After nearly five years held as a prisoner of war by the Afghanistan Taliban, and less than a year after his return to the United States as part of a prisoner exchange, Sgt. Bowe Bergdahl is being charged with “desertion and misbehavior before the enemy.”
Pentagon officials are being tight-lipped about the details of the charges, which could conceivably carry a maximum penalty of life in prison, but have restarted the massive political dispute over the POW exchange from last year.
The charges center around allegations that Sgt. Bergdahl had left his platoon at a remote outpost and was captured by the Taliban. His lawyer, Eugene Fidell, reported extenuating circumstances.
Exactly what that is remains unclear, though Fidell did say that his motives were pure. The report on which the charge is based concluded Bergdahl had a “specific intent to bring what he thought were disturbing circumstances to the attention of the nearest general officer.” Details of exactly what those circumstances were aren’t being disclosed.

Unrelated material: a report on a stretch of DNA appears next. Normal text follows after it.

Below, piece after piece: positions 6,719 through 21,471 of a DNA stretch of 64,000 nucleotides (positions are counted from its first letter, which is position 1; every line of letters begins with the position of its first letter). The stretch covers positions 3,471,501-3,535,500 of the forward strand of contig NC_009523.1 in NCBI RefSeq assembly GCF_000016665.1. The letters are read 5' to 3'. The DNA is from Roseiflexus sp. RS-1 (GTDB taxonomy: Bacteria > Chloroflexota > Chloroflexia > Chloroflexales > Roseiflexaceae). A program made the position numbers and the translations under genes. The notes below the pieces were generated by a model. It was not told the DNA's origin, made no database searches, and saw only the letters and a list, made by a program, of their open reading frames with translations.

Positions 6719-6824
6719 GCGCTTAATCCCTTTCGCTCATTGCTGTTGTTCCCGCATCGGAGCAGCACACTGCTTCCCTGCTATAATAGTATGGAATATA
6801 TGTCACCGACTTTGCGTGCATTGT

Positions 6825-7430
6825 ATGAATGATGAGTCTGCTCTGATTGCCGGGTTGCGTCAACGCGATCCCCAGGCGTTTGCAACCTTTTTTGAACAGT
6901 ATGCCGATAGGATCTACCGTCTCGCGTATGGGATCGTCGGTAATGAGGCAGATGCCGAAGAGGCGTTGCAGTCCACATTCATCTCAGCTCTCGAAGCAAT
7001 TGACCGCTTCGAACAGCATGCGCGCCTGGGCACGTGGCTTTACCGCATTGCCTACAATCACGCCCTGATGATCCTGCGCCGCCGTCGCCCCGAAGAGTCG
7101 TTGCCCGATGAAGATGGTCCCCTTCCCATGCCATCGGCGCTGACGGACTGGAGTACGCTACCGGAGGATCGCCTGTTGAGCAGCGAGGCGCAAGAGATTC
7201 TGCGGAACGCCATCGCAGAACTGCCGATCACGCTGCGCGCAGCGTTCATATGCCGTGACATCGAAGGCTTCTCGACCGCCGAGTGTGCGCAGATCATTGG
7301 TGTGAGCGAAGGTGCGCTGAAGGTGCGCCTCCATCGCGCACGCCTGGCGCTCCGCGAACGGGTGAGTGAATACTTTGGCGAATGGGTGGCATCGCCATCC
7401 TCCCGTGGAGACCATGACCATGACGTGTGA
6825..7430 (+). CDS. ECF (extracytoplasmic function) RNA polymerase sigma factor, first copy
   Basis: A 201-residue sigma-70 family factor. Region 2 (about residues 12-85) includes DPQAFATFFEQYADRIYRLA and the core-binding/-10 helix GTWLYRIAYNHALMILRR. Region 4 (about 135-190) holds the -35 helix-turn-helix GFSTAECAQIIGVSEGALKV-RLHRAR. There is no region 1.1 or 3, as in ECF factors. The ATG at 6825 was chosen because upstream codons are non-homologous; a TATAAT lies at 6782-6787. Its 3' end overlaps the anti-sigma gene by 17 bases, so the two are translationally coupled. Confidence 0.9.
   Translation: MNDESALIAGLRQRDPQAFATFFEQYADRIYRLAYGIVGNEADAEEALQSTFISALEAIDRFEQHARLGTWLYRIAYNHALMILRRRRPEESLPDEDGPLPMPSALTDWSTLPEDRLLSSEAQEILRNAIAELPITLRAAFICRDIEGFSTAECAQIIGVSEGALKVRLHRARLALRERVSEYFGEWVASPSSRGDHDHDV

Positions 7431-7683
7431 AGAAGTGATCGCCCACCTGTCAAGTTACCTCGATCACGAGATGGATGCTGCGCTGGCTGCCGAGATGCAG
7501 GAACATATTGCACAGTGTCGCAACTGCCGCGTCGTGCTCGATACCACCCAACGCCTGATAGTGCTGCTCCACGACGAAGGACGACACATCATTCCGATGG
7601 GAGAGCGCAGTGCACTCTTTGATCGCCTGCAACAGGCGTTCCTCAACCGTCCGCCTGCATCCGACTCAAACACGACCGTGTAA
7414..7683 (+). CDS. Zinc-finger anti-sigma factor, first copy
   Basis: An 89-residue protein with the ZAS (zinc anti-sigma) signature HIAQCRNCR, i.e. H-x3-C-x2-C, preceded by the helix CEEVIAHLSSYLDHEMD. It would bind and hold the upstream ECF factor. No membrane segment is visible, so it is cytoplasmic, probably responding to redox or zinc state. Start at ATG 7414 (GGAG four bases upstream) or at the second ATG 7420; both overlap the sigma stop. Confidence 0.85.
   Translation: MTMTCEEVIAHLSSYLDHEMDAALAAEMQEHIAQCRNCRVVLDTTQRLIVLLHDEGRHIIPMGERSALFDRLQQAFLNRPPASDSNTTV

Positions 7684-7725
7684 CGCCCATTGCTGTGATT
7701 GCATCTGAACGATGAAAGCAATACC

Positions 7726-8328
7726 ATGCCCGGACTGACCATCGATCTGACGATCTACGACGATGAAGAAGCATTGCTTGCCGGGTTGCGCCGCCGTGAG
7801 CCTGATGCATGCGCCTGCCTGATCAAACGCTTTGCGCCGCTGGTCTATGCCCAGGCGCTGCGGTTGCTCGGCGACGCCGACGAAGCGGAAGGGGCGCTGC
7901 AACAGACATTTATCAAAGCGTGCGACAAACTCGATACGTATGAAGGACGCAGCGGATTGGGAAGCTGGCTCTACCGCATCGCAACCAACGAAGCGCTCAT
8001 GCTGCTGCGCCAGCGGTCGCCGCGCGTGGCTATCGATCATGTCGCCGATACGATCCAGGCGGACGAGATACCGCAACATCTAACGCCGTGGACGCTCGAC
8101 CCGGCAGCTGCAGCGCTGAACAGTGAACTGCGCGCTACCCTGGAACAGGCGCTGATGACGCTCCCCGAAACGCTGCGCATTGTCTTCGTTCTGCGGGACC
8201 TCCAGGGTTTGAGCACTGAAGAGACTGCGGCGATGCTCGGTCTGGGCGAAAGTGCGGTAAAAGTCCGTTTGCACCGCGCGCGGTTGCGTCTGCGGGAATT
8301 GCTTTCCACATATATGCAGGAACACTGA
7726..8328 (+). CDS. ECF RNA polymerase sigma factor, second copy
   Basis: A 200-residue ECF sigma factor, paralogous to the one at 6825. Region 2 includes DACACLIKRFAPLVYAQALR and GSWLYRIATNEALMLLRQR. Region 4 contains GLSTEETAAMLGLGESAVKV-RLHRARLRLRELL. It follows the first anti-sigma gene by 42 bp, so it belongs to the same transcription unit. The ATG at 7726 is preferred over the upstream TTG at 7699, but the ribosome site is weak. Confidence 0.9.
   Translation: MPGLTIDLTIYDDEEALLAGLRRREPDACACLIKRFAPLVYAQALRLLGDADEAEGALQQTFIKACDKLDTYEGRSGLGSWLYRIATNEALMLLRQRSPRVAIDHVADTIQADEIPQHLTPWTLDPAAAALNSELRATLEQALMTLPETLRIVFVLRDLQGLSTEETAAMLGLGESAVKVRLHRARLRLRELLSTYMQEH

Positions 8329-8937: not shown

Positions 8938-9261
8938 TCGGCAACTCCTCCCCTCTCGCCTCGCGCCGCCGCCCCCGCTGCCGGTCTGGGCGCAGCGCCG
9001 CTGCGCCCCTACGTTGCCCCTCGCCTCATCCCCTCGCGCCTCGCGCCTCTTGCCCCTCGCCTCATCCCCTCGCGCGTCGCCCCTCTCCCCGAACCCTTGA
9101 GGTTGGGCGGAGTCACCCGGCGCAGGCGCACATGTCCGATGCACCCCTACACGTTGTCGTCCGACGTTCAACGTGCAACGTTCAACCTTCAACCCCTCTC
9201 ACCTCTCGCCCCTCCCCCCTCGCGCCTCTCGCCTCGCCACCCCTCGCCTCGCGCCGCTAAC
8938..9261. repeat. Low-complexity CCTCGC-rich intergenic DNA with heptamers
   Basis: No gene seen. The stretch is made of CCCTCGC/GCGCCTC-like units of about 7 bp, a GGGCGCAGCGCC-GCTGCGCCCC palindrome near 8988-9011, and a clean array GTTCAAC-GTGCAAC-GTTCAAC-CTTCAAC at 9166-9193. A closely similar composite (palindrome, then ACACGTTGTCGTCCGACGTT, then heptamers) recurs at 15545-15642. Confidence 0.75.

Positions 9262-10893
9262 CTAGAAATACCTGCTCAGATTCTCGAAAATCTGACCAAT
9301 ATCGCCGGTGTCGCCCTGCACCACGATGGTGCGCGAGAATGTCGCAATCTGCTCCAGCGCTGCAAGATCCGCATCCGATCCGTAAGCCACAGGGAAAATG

The Army isn’t elaborating either, saying they don’t intend to comment on how they decided to bring charges because of an “ongoing investigation.”
The desertion charge itself carries at most a five year confinement, and it is the “misbeheavior before the enemy” charge which is the more severe. It is also puzzling, since the Army had already said there was no evidence of any wrongdoing by Bergdahl during his long captivity.
The maximum penalty is probably unlikely, and there has been some speculation of a plea deal in which he might avoid jail time entirely. This may be a politically decided issue, however.
That’s because the POW swap was hugely unpopular among hawks, who didn’t like the idea of releasing US-held prisoners of war, and started attacking Bergdahl virtually from the minute he was released. These hawks will likely loom large over the military court proceedings going from here.